Resistance to change is common whether it be a new policy/procedure or a new computer system. The social and culture changes that must precede the use of information systems are often grossly underestimated.
You wrote that you are "heading" the application team. In addition to a goal directed and focused leader the team must include clinicians who are viewed by the staff as opinion leaders. Those who will use the actual system (after go-live) MUST be involved in its configuration/building, training and evaluation.
All involved with the implementation and administration need to communicate the benefits that the new system will provide to the organization, the patients and the staff.
Application team members and administration must be champions of the system in word and deed - taking ownership of this project verbally and using every opportunity to talk with and communicate to staff about what the change will entail and how it will affect practice.
Bring a few of those "older nurses" you wrote of on board. Let them know their opinions as experienced clinicians are valued, encourage their constructive criticism, and involve them in working together to find solutions for the issues that they identify. This will go a long way to showing others the proactive nature of the implementation and will bring others on board to further champion the system and the hospital wide efforts it will take to go live.
Staff and management must send a loud and clear message that this "change" is going to happen.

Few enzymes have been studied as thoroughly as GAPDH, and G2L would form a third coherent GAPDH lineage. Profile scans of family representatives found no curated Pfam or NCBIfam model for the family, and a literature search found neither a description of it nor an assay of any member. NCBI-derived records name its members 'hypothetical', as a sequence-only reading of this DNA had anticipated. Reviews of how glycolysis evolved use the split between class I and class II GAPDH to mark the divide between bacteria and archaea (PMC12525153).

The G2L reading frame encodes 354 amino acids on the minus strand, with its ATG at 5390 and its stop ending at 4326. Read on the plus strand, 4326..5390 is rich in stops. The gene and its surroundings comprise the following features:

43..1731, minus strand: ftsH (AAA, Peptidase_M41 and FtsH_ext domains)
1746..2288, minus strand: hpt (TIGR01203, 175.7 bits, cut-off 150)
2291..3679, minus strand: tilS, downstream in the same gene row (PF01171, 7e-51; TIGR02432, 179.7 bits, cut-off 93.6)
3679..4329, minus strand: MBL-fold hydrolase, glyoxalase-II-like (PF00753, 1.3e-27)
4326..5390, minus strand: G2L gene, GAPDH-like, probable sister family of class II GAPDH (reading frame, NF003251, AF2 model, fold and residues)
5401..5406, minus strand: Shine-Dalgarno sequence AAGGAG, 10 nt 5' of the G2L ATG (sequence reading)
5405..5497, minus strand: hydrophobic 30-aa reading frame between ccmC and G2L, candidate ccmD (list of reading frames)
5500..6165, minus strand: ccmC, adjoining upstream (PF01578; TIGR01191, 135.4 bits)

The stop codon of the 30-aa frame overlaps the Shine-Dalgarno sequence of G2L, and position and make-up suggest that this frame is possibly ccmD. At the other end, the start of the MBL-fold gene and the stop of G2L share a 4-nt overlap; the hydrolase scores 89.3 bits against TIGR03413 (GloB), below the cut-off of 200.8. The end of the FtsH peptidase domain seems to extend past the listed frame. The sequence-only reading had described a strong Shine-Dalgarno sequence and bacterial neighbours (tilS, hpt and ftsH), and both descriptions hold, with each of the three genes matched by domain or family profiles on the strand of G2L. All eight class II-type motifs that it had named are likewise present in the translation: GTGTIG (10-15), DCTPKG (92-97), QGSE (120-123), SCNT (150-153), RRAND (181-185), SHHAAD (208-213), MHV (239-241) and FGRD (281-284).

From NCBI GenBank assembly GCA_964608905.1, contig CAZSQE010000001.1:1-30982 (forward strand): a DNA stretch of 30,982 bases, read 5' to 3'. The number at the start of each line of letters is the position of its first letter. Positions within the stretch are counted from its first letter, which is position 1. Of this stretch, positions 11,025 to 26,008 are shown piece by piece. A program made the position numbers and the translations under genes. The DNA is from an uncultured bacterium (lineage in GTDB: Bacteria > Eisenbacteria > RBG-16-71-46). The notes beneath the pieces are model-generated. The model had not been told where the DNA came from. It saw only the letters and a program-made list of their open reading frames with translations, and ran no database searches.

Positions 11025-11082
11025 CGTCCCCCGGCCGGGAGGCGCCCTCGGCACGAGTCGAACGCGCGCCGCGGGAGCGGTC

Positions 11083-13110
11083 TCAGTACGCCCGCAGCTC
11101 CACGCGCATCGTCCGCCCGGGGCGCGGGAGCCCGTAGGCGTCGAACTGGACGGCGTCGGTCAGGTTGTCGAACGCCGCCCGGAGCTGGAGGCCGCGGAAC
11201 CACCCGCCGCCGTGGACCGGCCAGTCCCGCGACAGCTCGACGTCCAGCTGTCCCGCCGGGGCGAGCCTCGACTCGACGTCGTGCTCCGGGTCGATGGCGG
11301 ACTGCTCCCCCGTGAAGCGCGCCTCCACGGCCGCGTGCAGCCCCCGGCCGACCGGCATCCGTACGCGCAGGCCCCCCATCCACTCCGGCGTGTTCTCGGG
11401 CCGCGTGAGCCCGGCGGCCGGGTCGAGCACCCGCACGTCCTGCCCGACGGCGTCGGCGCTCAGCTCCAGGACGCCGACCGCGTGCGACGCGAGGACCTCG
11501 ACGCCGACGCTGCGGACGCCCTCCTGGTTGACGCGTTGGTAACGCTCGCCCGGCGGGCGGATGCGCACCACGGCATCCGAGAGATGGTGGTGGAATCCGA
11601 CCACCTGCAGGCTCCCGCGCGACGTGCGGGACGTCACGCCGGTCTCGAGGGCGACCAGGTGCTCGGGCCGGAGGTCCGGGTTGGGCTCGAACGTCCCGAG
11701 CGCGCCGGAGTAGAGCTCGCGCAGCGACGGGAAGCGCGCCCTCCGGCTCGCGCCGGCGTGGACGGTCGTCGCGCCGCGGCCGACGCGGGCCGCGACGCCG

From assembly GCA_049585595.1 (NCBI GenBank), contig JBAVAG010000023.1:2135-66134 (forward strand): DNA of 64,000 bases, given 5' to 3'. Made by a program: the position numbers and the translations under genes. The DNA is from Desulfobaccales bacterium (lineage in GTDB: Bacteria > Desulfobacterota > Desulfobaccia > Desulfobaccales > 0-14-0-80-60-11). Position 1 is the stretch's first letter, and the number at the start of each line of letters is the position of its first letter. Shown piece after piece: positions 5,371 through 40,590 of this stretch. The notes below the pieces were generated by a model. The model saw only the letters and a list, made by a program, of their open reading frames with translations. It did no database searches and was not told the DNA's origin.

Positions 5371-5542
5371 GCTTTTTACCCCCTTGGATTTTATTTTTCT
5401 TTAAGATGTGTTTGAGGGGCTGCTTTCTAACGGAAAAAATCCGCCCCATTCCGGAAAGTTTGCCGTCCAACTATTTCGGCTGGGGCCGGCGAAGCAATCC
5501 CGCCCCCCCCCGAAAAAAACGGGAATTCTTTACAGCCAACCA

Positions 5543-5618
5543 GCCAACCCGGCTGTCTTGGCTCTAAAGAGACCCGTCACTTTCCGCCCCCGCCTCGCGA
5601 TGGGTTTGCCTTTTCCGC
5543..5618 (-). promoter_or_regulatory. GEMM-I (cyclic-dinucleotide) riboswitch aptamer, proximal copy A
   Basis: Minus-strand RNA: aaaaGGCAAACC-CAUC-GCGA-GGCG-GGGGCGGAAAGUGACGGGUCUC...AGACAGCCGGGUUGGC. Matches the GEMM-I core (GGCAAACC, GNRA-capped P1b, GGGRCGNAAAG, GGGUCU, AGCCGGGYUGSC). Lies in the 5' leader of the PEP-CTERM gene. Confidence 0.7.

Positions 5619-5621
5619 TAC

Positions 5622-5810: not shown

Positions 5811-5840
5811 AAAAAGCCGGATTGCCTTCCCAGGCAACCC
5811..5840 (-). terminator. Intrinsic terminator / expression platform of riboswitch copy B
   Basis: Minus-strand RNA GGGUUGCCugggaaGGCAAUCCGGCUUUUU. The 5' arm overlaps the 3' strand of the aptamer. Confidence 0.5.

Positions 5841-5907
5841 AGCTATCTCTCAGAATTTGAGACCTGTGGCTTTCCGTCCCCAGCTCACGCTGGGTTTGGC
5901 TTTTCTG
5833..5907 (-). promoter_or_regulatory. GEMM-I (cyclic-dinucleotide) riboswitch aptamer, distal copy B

Now having said all that, DONT underestimate the importance of education and communication. Make sure that everyone that is going to use the new system is kept well informed throughout each phase of implementation. People frequently fear what they do not know. So keep all stakeholders in the loop.
Make sure that your build and training teams are composed of clinicians who will actually be using the system - I can't say this enough!
Plan for and double your estimates of how long and how many resources you will need to train staff. Don't forget to provide computer basics to those who have never used a mouse or keyboard and provide that training prior to training for the actual application being installed. Provide staff with and encourage plenty of opportunities to practice on the test system.
I'd also encourage you to post your query to nursing L
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Quote from BrandyBSN
I recently changed jobs temporarily, and am now working in information systems. Our hospital bought QuadraMed to use, and after travelling to Virginia for training, I am heading the application team for patient charting and plan of care. I am currently working on setting our hospital assessment documentation as "lists" for electronic charting.
The main problem I am having right now, is staff "buy-in". There is a ton of negativity towards computers, and many older nurses are threatening to have a mass exodus.
How did your hospitals approach the negativity and apprehension of the current floor staff?
Our GO-Live is set for July 15th. I have dictionary review starting next tuesday.
Any ideas for making it better for staff?
Also, if anyone has experience with QuadraMed, please let me know!
Thanks So Much!